Knowing without question that Piper left this world better than she found it is perhaps the greatest peace this situation can offer. Knowing that we were present to hold Piper’s hand through every trial of her life is strangely comforting too. When it comes to the profound grief of losing a child, time is no remedy, it’s merely a measurement. I could live a million lifetimes and still ache for Piper. But I’m hopeful time will soften the edges of our hurting, until eventually our longing brings only warmth.
With love, from Mama:
She went by many names: Piper the powerful, Pretty P, Pip Pip, Pipes, Princess Piper, Sissy, and Little Dove. Her life on this Earth was extraordinary. From the moment of her birth, she rose to the occasion of living. She was vivid.
The only thing that could dull her vibrancy was DIPG, so she left for a place illness could not touch her beautiful brain – a place cancer does not exist. After all, heaven is the only place she could go where she could ever be loved more. In her almost 5 years, she inspired untold numbers of people with her singular and irreplaceable nature.
I will miss so many things. Her wild laughter, her confidence, her curious mind, the way she loved us – telling us countless times a day. How she inspired Harlow. I will miss our impromptu songs with made-up lyrics, her way of starting sentences with “I have a great idea…” and ending them with “wasn’t that a great idea…”, or “let’s pretend” followed by “just say yes Mama.” I love how she said words like “grabity”, “soupcase” “complainments” and “wallypop”. Her appetite for everything, especially food, was insatiable.
If I could share some wisdom we’ve gained through her illness it might simply be “don’t take life for granted”, but sometimes that seems like human nature. So instead, I’ll ask that when you start taking life for granted, remember Piper. Her bravery, her smile, her strength and her joy. Let her story correct your compass. Let her remind you to be grateful. Let her remind you of your own power to make an impact for others.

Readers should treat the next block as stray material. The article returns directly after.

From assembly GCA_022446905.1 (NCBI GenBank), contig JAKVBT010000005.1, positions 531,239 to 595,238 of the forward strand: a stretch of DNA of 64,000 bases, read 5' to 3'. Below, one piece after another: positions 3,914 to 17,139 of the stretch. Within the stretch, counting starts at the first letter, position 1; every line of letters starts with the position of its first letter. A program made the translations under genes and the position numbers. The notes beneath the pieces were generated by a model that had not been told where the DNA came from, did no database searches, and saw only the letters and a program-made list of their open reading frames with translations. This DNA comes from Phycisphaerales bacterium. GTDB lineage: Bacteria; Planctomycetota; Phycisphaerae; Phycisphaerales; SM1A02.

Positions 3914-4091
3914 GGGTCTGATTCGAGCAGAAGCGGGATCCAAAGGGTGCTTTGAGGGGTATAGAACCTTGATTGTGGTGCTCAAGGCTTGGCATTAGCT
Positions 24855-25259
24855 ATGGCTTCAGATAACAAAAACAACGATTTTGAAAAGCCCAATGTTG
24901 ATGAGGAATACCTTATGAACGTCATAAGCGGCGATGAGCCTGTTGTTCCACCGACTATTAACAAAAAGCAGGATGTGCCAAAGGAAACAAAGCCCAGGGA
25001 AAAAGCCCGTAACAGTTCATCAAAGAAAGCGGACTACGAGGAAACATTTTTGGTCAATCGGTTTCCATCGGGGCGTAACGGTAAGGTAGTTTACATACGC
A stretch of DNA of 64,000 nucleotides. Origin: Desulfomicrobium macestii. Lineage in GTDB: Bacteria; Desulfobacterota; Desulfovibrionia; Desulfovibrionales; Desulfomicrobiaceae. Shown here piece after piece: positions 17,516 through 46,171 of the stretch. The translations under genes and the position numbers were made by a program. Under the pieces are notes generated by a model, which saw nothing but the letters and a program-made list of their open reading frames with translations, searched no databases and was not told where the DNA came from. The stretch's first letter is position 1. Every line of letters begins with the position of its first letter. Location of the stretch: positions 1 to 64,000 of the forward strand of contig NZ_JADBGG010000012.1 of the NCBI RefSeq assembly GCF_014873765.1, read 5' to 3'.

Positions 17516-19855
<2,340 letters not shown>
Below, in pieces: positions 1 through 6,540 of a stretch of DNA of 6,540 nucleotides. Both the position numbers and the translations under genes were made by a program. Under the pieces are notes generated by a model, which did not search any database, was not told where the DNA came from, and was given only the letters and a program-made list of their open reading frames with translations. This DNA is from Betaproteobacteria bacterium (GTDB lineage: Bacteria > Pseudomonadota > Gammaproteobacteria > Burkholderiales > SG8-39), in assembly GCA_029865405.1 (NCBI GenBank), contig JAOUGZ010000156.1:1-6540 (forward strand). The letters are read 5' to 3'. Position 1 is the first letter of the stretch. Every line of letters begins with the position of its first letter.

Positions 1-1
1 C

I want to share recent memory, one I will remember as a turning point of sorts. It was a warm afternoon in early September, and Piper and I were playing outside. She had lost the ability to walk independently only weeks before. She insisted I let her walk in the grass. Walk withoutholding her. She had done so well in her walker the previous two days that she believed she was getting stronger.
I knew I couldn’t talk her out of it, so I stood behind her and let go briefly. She attempted one step, but stopped short, and fell almost face first with her arm taking the brunt of the impact. I was cautious, expecting her to fall, and I still wasn’t ready. I wasn’t prepared for how quickly her body gave.
Immediately I scooped her up and held her in my arms. She was in tears. She said she was mad. We sat and talked a minute.
She asked me why she couldn’t walk anymore.
I said it was the ouchy in her head that caused the trouble.
She said, “when can we take the ouchy out?”
I explained that it didn’t work that way, but that I wished it did.
She said, “when will I walk again? I used to be able to walk.”
I said I didn’t know, but that she was so strong, and that we were proud of how hard she was trying.
She said, “when am I done with my cancer?”
I said I didn’t know, but that we were trying our best to make her feel better. I assured her that none of it was her fault.
She said, “how did the ouchy get in my head?”
I said nobody knew yet, not even her doctors, but we were trying our best to help. That it was why we asked her to take the little white pills each week, and the little green pills before that.
She said, “why don’t they know?”
I explained that doctors haven’t been able to do enough experiments with ouchies like hers, but they hoped to understand soon.
She sat quietly in my arms like she was trying to add it all up. I asked the next question.
I said, what is the most frustrating thing: not being able to walk, or not being able to use your right hand, or your left eye not working like it used to, or having to try so hard to talk and eat?
She thought a minute then said, “the most frustrating part is not knowing why the ouchy is in my head… I want my doctors to know.”